Moderate Screentime can Help in Recovery of Concussed Children


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Concussion, also known as mild traumatic brain injury, is a common, sometimes debilitating condition that reflects impairment of brain function (

). A mild traumatic brain injury can be caused by a direct or indirect hit, or force to the head or body, which can induce a range of symptoms that vary in duration, severity, and number between individuals (

).

The study looked for links between the self-reported screen time of more than 700 children aged 8-16 in the first 7-10 days following an injury, and symptoms reported by them and their caregivers over the following six months.

Moderate Screentime for Children Suffering from Concussion

The children whose concussion symptoms cleared up the fastest had engaged in a moderate amount of screen time. “We’ve been calling this the ‘Goldilocks’ group, because it appears that spending too little or too much time on screens isn’t ideal for concussion recovery,” said Dr. Molly Cairncross, an assistant professor at Simon Fraser University who conducted the research. “Our findings show that the common recommendation to avoid smartphones, computers and televisions as much as possible may not be what’s best for kids.”

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The data came from participants aged 8-16 who had suffered either a concussion or an orthopaedic injury, such as a sprained ankle or broken arm, and sought care at one of five emergency departments in Canada.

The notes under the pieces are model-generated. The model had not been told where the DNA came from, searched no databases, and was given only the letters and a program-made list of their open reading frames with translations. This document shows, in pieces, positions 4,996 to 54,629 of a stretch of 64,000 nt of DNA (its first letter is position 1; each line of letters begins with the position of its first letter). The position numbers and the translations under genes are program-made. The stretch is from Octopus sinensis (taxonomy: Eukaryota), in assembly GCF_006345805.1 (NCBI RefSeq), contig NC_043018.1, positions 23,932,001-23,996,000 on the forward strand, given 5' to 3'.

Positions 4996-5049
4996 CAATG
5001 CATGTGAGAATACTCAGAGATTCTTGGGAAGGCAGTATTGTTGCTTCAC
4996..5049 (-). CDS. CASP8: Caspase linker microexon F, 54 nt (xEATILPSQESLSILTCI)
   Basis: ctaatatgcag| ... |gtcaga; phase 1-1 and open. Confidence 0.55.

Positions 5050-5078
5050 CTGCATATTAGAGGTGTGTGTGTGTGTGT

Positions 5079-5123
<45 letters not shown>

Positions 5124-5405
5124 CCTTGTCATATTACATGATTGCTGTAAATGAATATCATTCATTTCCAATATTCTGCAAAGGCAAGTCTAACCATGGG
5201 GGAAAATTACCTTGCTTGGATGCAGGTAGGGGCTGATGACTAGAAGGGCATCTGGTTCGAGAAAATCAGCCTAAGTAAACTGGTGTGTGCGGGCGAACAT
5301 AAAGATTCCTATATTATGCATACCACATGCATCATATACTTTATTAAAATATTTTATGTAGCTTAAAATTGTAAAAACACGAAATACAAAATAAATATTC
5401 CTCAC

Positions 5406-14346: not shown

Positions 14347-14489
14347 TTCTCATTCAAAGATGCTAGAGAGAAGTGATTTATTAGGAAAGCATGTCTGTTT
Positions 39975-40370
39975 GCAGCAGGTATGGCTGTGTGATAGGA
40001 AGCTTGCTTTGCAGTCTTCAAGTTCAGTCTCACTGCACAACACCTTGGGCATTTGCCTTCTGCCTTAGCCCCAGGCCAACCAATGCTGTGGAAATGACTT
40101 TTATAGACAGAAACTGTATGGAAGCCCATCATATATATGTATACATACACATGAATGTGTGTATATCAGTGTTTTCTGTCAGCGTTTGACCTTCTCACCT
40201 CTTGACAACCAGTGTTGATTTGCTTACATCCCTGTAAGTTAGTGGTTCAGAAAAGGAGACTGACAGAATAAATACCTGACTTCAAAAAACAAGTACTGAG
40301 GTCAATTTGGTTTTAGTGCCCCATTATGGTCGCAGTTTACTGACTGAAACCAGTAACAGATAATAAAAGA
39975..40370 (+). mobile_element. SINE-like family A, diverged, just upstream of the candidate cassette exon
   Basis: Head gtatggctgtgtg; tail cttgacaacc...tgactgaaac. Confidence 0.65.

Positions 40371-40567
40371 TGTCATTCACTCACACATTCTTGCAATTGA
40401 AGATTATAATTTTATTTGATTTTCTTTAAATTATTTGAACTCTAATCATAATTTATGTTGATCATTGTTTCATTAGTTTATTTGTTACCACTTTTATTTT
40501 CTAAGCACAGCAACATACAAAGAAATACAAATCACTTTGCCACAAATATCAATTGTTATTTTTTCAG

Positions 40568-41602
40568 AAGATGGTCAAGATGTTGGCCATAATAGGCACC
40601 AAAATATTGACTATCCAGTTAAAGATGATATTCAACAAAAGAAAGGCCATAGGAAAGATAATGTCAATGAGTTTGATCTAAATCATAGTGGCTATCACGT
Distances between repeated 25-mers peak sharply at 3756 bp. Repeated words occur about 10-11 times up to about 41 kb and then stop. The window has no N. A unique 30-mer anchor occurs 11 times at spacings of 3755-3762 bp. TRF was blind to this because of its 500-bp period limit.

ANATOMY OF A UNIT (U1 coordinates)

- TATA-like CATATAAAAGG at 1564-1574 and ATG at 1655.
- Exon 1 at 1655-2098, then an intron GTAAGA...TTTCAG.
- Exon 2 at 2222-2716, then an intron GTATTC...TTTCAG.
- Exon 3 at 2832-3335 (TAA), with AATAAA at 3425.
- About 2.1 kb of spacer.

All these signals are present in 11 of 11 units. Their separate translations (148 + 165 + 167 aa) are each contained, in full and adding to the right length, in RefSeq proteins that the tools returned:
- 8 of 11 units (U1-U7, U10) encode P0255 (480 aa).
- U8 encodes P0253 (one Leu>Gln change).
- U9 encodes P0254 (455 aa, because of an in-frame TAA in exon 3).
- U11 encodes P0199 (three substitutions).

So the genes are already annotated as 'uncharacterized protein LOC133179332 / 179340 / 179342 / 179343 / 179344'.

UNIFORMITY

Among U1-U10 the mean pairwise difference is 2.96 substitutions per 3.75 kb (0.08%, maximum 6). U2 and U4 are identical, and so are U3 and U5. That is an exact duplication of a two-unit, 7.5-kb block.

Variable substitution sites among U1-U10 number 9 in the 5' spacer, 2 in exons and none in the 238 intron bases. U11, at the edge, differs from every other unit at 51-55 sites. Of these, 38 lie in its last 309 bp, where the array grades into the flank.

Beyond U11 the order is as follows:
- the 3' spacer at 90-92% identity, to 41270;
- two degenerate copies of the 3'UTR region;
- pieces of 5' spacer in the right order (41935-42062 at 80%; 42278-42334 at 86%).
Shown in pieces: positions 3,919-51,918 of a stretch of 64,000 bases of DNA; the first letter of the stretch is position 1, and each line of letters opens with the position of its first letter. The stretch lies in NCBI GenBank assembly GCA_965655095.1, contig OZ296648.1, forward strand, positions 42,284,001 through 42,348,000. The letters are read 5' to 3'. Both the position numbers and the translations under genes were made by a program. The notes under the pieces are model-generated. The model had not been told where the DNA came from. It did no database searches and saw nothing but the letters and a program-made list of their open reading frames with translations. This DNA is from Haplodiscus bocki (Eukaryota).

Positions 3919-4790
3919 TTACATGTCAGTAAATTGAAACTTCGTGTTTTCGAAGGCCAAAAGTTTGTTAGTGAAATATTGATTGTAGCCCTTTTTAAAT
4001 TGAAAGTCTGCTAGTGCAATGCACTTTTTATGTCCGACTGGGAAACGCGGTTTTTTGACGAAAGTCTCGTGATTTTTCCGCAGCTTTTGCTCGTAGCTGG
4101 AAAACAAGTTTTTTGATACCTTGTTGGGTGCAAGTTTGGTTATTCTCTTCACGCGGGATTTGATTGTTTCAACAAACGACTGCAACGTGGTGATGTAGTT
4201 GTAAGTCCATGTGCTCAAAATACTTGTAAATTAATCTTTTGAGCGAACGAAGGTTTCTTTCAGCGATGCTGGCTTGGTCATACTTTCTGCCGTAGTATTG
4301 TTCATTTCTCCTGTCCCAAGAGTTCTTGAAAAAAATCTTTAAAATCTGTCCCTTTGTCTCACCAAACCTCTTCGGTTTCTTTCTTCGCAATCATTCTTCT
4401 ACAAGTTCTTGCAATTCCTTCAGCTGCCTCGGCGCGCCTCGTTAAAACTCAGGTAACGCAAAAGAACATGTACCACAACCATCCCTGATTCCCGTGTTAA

The purpose of including children who had orthopaedic injuries was to compare their recoveries with the group who had concussions.

Patients in the concussion group generally had relatively worse symptoms than their counterparts with orthopaedic injuries, but within the concussion group it was not simply a matter of symptoms worsening with more screen time. Children with minimal screen time recovered more slowly, too.

How does Screentime Benefit Concussed Children?

“Kids use smartphones and computers to stay connected with peers, so complete removal of those screens could lead to feelings of disconnection, loneliness and not having social support,” Dr. Cairncross said. “Those things are likely to have a negative effect on kids’ mental health and that can make recovery take longer.”

This study differed from previous research which tracked screen time and recovery over a longer period of time. It was seen that screen time slowed recovery, but it measured screen use only in the first 48 hours and symptoms for only 10 days.

Researchers also found that screentime during the early recovery period made little difference to long-term health outcomes. It was also reported that after 1 month, children who suffered a concussion or another type of injury reported similar symptoms, regardless of their early screen use.

The researchers also observed that screen time seemed to have less focus on symptoms than other factors such as the patient’s sex, age, sleep habits, physical activity or pre-existing symptoms.

In the long run, screen time does not make as much of a difference when compared to other factors. Concussion recovery factors include sleeping well and engaging in light physical activity. Staying away from smartphone screens is not adding much.

Ultimately, the research suggests that restrictions on screen time are not nearly as important as it was believed previously. Like all things, moderation is key and focusing on other ways of recovery. If symptoms exacerbate, screen time can always be limited.

References :

  1. Exertion Testing in Youth with Mild Traumatic Brain Injury/Concussion
    (https://pubmed.ncbi.nlm.nih.gov/25871465/)
  2. Consensus statement on concussion in sport-the 5th international conference on concussion in sport held in Berlin, October 2016
    (https://pubmed.ncbi.nlm.nih.gov/28446457/)

Source: Medindia



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